Statutory Bond as a Ceiling? Surety’s Intent Not Always Determinative

Originally published Summer 2023

While many surety bonds explicitly state whether they are intended to be statutory or common law bonds, a case out of a Tennessee bankruptcy court serves as an important warning that such bond provisions will not always control as anticipated by the issuing surety.1 Ultimately, commonly used bond language expressly designating it a statutory bond when state law requires the bond, and meant to substitute the state’s bond terms, was deemed ineffectual. This resulted in the bonds’ enforcement as common law bonds, providing for more generous terms and more lenient barriers than required by statute. 
In the case, the surety had issued payment bonds on behalf of its bankrupt principal for two public works projects, each containing the following provision:
13. When this Bond has been furnished to comply with statutory or other legal requirement in the location where the construction was to be performed, any provision in this Bond conflicting with said statutory or legal requirement shall be deemed deleted herefrom and the statutory provisions conforming to such statutory or other legal requirement shall be deemed incorporated herein. The intent is that this Bond shall be construed as a statutory bond and not a common law bond. 

(“Paragraph 13”). An adversarial proceeding was held to determine whether the bonds were common law or statutory; the answer would shape the remaining litigation between bond claimants and the surety, among others. The heart of the dispute was whether Paragraph 13 was a “savings” clause to assure the bonds’ compliance with the minimum terms required by statute, or a “deletion” clause that rendered any “greater rights” terms of the bonds ineffective, and substituting the terms of the statute.  

The Tennessee bankruptcy court first concluded that the bond was properly characterized as a common law bond, using a three factor analysis as to whether the bonds (1) make explicit reference to the statute; (2) extend rights beyond those minimally required under statute; and (3) expressly contain notice or time limitations to commence an action.

First, it was undisputed that the bonds failed to specifically reference the applicable statute incorporated. Next, the court found that the bonds expanded the rights of claimants (and the scope of the surety’s liability) by extending coverage beyond the statutory minimum by ensuring that equipment was paid for in addition to labor and materials.2  

The court further decided that the bonds contained notice provisions that altered the statutory notice requirements by exempting first tier claimants from the statute’s ninety day notice requirement applicable to all claimants.3 Finally, the bonds extended the limitation period for claimants to commence an action under the bond, the court said, from the statutory minimum of six months to one year. Thus, the court concluded that the bonds were common law bonds. 

The court then addressed whether Paragraph 13 operated as a “deletion” clause, or only as a “savings” clause. Since there was no controlling Tennessee law on the issue, the court analyzed interpretations of provisions identical to Paragraph 13 from other jurisdictions. The surety urged the court to adopt a New Hampshire court’s interpretation, which found that if the bond is provided because of a statutory requirement, it should be interpreted as a statutory bond, accepting as determinative the surety’s statement of intent for how the bond would be construed.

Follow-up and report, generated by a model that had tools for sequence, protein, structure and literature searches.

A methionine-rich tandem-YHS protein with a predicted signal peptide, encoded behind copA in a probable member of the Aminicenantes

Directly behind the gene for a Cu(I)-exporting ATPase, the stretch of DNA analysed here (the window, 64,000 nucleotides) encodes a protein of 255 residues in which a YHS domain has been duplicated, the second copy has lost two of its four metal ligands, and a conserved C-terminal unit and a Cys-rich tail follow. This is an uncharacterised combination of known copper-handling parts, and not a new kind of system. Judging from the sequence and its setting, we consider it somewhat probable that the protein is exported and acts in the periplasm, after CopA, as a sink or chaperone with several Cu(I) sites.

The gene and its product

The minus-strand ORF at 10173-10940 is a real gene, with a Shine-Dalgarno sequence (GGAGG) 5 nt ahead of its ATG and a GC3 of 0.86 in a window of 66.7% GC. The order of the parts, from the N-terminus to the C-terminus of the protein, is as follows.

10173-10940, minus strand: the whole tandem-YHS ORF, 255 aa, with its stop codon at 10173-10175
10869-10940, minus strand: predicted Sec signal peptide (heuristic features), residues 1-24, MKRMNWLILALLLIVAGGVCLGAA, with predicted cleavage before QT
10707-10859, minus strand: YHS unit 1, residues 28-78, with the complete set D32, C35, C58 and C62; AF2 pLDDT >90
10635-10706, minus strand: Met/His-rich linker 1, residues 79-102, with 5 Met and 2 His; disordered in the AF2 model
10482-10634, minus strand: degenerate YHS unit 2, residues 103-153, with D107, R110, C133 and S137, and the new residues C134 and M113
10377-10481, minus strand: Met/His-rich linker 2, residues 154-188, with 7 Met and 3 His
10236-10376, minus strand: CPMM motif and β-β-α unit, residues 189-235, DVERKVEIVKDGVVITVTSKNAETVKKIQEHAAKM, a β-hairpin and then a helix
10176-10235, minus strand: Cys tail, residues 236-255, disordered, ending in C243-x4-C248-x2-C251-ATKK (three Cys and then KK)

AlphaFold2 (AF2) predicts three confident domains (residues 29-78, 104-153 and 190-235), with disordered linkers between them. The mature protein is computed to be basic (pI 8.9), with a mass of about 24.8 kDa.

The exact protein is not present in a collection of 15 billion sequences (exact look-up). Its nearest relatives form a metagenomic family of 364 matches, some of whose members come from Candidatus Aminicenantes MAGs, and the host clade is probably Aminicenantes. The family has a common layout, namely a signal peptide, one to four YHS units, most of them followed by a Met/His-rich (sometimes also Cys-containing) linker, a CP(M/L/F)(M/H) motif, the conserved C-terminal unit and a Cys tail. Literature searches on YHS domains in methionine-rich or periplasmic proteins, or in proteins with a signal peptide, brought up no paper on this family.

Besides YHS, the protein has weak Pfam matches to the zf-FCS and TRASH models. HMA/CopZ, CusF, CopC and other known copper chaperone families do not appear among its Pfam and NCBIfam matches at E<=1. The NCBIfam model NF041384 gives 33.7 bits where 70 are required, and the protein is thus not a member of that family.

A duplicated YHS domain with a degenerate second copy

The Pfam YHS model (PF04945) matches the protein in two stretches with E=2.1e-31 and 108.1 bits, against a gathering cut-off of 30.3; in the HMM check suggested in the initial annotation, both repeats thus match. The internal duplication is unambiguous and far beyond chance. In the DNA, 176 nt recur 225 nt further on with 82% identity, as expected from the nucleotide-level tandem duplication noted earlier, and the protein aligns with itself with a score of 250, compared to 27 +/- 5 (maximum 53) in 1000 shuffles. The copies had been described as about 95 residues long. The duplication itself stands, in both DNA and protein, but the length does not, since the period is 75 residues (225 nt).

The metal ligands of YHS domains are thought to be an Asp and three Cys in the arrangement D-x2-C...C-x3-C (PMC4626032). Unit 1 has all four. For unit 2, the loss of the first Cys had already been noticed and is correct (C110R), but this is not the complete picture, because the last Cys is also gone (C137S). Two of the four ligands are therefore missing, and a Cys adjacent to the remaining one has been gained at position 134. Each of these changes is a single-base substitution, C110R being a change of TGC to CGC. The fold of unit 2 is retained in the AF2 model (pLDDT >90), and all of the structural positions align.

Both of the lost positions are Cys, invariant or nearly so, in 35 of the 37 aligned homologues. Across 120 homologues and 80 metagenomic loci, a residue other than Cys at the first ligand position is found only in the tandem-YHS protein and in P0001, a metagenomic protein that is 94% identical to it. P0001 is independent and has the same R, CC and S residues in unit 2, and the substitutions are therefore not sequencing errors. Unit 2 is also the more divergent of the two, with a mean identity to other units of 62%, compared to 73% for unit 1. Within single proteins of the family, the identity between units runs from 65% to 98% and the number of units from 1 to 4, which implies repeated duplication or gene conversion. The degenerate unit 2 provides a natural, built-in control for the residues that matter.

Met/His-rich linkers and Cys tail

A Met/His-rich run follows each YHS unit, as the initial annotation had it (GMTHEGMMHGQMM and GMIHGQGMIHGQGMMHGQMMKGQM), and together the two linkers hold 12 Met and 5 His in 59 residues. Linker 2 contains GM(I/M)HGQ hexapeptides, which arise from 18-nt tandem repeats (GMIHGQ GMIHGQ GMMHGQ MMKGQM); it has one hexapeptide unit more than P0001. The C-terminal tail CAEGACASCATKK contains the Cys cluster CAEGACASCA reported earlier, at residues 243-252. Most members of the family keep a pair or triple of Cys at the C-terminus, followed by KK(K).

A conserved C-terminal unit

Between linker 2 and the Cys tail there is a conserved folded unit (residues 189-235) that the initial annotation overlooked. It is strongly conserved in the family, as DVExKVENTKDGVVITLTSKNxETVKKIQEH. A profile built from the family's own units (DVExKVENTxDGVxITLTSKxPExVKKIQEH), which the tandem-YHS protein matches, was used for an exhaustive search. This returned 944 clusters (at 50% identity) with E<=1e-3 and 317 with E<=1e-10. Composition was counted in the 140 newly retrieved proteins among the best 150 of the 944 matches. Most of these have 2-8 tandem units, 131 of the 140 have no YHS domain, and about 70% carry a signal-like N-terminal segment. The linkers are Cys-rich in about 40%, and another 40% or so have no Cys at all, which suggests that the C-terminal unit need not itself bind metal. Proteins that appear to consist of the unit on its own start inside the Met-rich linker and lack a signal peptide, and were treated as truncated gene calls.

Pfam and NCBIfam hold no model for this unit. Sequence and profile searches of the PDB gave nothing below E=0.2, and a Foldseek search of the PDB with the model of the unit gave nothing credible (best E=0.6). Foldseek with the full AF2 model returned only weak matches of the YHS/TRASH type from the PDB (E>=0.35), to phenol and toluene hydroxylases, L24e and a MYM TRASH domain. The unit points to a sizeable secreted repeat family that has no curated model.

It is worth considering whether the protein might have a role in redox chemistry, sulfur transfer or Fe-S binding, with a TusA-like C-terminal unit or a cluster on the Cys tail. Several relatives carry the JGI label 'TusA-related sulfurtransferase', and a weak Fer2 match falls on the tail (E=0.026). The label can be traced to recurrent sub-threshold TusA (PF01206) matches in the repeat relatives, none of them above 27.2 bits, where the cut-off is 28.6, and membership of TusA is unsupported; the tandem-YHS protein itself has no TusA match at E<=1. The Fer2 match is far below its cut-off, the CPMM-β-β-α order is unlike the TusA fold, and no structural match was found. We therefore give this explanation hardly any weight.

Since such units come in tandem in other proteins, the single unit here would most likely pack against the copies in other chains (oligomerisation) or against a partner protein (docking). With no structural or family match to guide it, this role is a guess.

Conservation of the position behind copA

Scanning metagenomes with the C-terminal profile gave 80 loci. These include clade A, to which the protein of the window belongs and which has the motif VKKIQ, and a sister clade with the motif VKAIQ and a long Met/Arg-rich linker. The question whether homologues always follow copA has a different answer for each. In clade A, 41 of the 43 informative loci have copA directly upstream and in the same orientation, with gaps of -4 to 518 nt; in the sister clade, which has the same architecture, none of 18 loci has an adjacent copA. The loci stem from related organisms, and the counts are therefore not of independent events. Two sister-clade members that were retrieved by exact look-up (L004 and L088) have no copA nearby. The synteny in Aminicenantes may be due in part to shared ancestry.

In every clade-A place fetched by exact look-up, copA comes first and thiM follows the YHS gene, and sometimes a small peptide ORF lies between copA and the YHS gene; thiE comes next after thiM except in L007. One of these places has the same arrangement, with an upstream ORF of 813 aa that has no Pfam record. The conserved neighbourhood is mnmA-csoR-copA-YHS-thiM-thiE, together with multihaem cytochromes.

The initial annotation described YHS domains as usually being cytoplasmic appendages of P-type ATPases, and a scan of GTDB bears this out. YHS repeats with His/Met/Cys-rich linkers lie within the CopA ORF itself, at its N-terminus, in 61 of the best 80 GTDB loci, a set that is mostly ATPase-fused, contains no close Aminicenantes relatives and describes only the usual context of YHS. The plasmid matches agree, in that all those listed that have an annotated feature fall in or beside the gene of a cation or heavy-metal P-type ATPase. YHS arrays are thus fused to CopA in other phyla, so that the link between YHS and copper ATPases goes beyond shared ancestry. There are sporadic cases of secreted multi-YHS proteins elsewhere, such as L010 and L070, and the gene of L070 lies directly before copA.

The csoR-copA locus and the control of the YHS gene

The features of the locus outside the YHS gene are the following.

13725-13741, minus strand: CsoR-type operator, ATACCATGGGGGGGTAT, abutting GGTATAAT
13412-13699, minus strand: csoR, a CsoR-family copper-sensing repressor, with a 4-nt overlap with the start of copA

The bankruptcy court disagreed, adopting instead a Michigan court’s interpretation of Paragraph 13 as a savings clause, meant only to ensure that the bonds’ terms meet the statutory minimum, operating as a “floor” for surety liability exposure, rather than a “ceiling.” Agreeing with this rationale, the bankruptcy court stated that it:
“…cannot accept the more extreme interpretation that a single clause in the contract, apparently included to assure compliance with minimum state standards, should be construed as eliminating other significant contractual provisions that expanded the rights well beyond those minimum requirements.”

Paragraph 13 was a savings clause, said the court, which would only supplant a bond term if that term failed to satisfy the statutory minimum requirements.

Although the interpretation of clauses such as Paragraph 13 varies by jurisdiction, this decision should alert sureties that its language cannot be relied upon to convert an otherwise common law bond into a statutory bond if the terms exceed the statutory minimum. Even a surety’s expressed intent may be insufficient to create the “ceiling” the surety desires.   

Marina De Rosa is an Associate at Ernstrom & Dreste, LLP, in Rochester, New York. Her primary areas of practice focus on construction and surety law as well as complex commercial litigation. Her Juris Doctor degree is from Syracuse University College of Law, where she was an associate editor of the Journal of Science and Technology. She is a member of the ABA TIPS FSLC. De Rosa can be reached at or 585.242.4960.
1 In re Pinnacle Constructors, Inc., 647 B.R. 352 (Bankr. M.D. Tenn. 2022).
2 In this case, equipment also included utilities such as gas, water, power, light, and other costs.
3 Those claimants in direct privity with the contractor-principal are considered “first tier.”